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Monday 31 January 2011

South Korean commando raid kills eight Somali pirates

South Korean commandos stormed a hijacked ship off Somalia, killing eight pirates, arresting five and releasing the crew of 21 to safety.

Such raids against pirates are rare because most nations' militaries class the risk of injuring the captured crew as too high.

But the dawn operation by South Korean special forces, backed up by a nearby naval destroyer and a Lynx helicopter providing covering fire, appears to have passed off almost without a hitch.

The captain of the Samho Jewelry, a chemical carrier hijacked a week ago, was shot during the release.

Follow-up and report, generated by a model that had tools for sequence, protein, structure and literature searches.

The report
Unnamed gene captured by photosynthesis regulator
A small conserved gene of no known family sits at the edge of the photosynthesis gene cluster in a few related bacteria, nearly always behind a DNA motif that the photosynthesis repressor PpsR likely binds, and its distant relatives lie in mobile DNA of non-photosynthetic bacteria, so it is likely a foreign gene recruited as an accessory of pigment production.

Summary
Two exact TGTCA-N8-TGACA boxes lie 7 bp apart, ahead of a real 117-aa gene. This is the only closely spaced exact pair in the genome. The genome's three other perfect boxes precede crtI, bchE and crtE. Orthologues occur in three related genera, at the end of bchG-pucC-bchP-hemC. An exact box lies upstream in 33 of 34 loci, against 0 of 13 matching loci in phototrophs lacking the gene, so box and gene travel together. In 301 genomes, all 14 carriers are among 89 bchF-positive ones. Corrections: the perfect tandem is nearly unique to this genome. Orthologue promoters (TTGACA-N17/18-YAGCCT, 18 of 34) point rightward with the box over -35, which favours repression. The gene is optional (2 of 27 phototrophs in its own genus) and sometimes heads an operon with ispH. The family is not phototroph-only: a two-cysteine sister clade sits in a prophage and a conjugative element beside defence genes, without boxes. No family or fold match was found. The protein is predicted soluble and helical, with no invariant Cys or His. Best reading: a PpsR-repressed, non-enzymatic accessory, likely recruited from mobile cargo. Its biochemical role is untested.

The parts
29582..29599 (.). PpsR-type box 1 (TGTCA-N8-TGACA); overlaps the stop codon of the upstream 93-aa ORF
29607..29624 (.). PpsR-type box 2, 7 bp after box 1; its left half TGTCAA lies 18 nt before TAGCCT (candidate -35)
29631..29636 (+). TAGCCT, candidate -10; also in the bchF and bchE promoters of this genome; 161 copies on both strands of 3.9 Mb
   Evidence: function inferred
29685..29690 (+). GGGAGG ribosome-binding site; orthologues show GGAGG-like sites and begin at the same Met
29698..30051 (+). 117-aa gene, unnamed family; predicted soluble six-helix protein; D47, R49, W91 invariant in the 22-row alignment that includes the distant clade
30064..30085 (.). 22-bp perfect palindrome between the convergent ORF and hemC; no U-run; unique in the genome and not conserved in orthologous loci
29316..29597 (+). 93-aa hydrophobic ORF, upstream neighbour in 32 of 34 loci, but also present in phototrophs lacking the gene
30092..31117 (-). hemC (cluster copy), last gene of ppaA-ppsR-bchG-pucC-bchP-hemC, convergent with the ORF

A US helicopter airlifted him to treatment on land and his injuries were said not to be life-threatening.

"This operation demonstrated our government's strong will to never negotiate with pirates," said Lt Gen Lee Sung-ho of the South Korean military.

The 21 crew members, from South Korea, Indonesia and Burma, were released with all unharmed aside from the captain.

"This is clearly going to add fuel to the fire of those who say we need just to get tougher with the pirates," said one European diplomat in Nairobi, Kenya, who monitors pirate activity.

"The fact is these raids are extraordinarily risky, and more often than not you can end up with far too many dead hostages."

In April 2009, a French navy commando team stormed the yacht Tanit.

The shoot-out killed two pirates and one French hostage and freed four French citizens. The order for the rescue came after the pirates threatened to kill the hostages.

In the same year, US navy snipers shot dead three pirates who were holding an American captain hostage in a lifeboat after they had abandoned a larger ship, the Maersk Alabama.

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